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ORCID

https://orcid.org/0000-0002-5844-9527

Access Type

Open Access Thesis

Document Type

thesis

Degree Program

Psychology

Degree Type

Master of Science (M.S.)

Year Degree Awarded

2022

Month Degree Awarded

February

Abstract

Although research demonstrates significant stigma towards individuals with mental illness, the relative importance of observed behavior and a psychiatric diagnosis in eliciting stigma remains poorly understood. Using video vignettes, three experiments (ns = 195, 749, and 791) examined the effect of irritable (vs. calm) behavior and the presence (vs. absence) of a psychiatric diagnosis (schizophrenia in Studies 1 and 2; schizophrenia and depression in Study 3) on attitudinal, emotional, and behavioral dimensions of stigma towards a fictitious emergency room patient seeking migraine treatment. In line with labeling theory, irritable behavior resulted in greater blameworthy attributions for behavior, greater fear and anger, less caring emotions, and lower perceived warmth. Both a depression and schizophrenia diagnosis elicited stigma by leading to greater endorsements of other stigmatizing attributions (e.g., substance use) as a reason for behavior. Irritable behavior and both psychiatric diagnoses resulted in patients being rated as less predictable and more dangerous, whereas irritable behavior and schizophrenia only resulted in decreased competence. Irritable behavior and psychiatric diagnosis also interacted to predict desire for social distance. When calm, a psychiatric diagnosis predicted greater distance, such that a patient with no label was least stigmatized, one with depression was moderately stigmatized, and one with schizophrenia was most stigmatized. When irritable, the patient elicited a higher desire for distance regardless of psychiatric diagnosis. Mediational analyses show that when controlling for behavior, perceived dangerousness and fear mediate the effect of a diagnosis on desire for distance. In all, results suggest both diagnostic labels and irritable behavior result in stigma via different attitudinal and emotional mechanisms, and that individuals with psychiatric diagnoses face stigma even if behaving calmly. By enriching understanding of the relative importance of irritable behavior and a psychiatric diagnosis on multiple dimensions of mental illness stigma, this work has implications for anti-stigma interventions.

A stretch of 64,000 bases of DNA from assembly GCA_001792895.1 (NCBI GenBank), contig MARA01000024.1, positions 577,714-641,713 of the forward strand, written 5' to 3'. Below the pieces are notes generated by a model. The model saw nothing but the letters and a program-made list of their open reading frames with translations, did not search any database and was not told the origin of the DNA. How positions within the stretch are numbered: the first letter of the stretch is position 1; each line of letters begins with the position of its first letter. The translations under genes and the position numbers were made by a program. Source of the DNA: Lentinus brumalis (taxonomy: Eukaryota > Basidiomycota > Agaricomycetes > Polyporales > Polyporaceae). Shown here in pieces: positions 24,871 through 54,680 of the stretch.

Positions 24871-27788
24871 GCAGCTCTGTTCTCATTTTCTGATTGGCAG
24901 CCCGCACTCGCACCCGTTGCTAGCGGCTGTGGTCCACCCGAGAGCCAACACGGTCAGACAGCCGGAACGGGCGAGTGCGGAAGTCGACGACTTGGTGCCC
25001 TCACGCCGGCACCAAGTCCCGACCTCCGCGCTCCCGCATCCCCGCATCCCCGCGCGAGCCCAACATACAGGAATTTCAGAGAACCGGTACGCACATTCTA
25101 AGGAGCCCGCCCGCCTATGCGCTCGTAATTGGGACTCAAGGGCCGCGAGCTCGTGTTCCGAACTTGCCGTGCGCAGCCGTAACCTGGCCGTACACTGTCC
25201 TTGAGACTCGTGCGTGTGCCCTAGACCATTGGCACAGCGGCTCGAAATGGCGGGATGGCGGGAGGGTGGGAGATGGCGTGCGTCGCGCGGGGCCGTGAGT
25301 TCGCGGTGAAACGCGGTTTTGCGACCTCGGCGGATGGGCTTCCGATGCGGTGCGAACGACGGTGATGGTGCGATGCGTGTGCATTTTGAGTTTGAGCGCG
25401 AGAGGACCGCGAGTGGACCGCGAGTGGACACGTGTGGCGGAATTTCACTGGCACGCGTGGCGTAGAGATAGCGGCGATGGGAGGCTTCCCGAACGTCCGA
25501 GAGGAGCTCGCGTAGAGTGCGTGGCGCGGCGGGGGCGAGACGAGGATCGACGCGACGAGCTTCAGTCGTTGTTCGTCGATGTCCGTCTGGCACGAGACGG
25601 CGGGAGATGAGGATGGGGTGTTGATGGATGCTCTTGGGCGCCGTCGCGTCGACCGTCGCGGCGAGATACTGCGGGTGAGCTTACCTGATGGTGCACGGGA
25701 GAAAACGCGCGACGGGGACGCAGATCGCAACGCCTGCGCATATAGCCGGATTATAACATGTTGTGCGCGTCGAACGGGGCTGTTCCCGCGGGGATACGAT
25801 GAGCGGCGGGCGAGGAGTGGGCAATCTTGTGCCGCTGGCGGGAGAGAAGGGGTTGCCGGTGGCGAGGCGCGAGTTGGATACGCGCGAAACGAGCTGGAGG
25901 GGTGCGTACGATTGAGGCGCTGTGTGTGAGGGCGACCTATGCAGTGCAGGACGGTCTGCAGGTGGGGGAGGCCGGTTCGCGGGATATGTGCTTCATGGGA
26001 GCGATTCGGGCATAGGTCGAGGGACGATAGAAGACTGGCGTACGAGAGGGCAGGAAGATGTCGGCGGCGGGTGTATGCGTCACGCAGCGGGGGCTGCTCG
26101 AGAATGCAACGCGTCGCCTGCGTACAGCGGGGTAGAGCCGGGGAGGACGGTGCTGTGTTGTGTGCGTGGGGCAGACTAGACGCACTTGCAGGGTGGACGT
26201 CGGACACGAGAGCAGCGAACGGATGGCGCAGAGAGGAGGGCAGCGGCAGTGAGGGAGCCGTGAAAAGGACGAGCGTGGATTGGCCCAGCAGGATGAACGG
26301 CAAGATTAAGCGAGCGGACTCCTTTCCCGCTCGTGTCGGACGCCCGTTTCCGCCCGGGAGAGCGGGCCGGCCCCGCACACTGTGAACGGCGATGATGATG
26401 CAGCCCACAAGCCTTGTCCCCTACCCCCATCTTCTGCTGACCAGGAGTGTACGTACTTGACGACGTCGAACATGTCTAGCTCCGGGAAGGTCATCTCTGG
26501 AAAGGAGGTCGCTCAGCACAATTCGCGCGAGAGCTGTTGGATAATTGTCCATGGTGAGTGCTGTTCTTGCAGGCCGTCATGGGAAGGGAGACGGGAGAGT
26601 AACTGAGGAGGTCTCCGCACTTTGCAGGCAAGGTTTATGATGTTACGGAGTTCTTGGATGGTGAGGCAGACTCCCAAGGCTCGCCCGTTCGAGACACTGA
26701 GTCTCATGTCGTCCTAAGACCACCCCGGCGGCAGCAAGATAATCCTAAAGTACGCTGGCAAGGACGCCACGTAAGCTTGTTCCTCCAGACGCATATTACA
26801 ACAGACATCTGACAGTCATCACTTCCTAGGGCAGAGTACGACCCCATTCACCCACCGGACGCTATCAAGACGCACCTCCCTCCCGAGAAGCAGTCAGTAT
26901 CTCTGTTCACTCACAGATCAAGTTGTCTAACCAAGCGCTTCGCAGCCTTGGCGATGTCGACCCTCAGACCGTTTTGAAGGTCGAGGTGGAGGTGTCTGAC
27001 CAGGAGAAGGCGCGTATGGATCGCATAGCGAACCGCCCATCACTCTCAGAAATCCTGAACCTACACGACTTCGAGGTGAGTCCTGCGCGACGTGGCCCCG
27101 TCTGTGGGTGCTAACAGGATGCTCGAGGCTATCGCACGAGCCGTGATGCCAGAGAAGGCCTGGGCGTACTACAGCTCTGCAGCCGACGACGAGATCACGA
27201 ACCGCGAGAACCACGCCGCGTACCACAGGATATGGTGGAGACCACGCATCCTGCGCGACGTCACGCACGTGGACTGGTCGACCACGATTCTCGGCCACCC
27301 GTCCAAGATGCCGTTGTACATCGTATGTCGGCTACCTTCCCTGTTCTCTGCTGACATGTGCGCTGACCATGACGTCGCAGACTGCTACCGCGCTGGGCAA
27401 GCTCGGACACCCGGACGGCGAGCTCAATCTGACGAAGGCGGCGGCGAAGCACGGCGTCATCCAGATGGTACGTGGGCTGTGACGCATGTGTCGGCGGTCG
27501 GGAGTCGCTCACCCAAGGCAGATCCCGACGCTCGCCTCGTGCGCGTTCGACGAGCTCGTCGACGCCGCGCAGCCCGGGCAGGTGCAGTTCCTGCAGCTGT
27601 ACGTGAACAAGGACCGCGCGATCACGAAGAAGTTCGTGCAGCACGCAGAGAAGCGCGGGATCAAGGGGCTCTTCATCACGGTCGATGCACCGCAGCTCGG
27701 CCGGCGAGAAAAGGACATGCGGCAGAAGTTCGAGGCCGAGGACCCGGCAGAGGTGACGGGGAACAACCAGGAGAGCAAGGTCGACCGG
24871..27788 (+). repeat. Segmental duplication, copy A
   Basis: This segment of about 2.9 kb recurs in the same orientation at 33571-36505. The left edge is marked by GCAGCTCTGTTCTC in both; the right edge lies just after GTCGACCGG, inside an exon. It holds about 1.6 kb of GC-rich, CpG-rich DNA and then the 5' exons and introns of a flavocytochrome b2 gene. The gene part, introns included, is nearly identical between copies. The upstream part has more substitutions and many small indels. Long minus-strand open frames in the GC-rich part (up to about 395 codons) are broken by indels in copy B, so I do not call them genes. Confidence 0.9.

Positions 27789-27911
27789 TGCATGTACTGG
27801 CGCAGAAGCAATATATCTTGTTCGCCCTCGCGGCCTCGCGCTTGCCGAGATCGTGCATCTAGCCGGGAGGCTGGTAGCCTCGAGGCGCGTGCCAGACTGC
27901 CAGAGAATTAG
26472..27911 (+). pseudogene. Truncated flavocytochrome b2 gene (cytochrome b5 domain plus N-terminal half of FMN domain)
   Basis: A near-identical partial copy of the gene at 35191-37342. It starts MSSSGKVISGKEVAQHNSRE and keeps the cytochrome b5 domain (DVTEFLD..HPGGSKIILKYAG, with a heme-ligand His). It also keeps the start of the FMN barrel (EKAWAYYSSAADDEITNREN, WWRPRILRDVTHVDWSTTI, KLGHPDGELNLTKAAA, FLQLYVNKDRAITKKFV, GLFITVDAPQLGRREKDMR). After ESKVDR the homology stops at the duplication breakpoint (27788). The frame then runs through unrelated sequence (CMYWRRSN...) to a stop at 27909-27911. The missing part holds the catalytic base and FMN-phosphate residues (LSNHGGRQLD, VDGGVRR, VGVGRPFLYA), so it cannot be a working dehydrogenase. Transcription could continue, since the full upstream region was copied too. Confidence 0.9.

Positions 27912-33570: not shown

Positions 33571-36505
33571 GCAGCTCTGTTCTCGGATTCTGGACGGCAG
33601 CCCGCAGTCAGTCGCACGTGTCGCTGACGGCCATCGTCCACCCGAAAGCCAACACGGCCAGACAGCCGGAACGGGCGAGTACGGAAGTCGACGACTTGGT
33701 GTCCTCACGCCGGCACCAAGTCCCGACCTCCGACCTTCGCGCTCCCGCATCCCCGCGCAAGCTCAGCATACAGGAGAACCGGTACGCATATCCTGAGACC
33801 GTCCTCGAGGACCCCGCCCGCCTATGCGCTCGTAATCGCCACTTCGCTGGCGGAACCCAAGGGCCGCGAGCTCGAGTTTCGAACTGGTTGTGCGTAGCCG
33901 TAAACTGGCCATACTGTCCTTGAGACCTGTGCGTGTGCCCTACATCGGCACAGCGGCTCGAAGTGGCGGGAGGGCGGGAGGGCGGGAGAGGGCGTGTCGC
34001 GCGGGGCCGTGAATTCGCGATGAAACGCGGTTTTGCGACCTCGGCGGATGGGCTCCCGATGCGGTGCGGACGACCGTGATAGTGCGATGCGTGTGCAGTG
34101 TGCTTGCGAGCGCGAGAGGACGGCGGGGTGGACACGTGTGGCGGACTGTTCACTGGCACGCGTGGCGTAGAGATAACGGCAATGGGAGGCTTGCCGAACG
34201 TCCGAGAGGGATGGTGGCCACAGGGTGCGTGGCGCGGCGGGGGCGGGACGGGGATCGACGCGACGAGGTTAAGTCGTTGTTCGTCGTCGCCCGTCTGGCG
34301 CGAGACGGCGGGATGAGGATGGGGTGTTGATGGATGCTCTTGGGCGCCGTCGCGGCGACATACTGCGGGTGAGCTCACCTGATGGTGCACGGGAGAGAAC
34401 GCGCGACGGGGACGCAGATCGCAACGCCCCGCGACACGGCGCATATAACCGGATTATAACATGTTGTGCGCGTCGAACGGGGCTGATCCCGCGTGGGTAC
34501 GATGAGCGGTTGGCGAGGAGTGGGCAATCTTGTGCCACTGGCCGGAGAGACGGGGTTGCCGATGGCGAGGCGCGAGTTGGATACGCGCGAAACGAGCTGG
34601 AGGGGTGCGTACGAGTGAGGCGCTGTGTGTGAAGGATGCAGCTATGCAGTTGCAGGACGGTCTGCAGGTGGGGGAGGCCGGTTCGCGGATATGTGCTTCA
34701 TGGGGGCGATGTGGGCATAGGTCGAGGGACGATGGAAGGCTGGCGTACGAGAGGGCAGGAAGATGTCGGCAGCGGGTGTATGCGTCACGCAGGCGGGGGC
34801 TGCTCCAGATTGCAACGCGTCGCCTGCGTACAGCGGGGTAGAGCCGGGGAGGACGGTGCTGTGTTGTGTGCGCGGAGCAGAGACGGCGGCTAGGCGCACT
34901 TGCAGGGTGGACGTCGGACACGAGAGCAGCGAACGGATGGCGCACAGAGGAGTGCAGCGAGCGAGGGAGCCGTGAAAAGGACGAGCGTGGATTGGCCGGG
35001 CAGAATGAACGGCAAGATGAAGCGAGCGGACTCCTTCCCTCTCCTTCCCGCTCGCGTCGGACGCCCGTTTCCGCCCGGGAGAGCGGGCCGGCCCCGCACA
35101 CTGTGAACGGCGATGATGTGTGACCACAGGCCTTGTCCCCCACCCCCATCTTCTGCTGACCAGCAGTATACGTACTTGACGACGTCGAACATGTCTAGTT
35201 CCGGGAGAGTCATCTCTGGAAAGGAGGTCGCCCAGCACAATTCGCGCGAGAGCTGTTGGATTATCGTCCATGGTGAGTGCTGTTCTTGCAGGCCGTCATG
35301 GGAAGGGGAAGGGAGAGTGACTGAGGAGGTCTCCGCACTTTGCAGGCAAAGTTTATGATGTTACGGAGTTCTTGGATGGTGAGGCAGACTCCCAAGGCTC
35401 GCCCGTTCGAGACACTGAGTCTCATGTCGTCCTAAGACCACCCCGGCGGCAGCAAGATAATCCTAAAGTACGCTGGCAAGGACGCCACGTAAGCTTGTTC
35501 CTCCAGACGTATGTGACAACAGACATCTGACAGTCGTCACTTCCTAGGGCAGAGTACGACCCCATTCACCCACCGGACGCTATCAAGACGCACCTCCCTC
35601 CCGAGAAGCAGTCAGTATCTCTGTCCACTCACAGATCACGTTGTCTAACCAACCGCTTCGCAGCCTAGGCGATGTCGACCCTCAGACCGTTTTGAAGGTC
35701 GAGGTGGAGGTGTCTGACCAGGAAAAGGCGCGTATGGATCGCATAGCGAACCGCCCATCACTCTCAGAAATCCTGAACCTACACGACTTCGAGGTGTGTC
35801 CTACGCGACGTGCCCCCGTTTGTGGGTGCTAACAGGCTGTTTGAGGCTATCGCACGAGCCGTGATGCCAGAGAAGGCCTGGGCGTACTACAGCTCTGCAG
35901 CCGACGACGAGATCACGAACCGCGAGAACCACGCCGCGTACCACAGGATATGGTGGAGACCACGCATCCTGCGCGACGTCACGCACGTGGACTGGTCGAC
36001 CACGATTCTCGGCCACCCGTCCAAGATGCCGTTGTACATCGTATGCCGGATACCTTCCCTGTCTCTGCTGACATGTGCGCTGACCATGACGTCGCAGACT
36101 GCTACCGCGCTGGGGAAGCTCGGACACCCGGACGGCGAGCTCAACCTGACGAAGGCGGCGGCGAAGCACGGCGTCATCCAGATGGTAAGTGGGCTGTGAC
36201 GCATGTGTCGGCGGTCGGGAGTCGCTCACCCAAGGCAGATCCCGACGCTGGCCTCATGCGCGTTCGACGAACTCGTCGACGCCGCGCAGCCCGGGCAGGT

First Advisor

Linda M. Isbell

Second Advisor

Allecia Reid

Third Advisor

David Arnold

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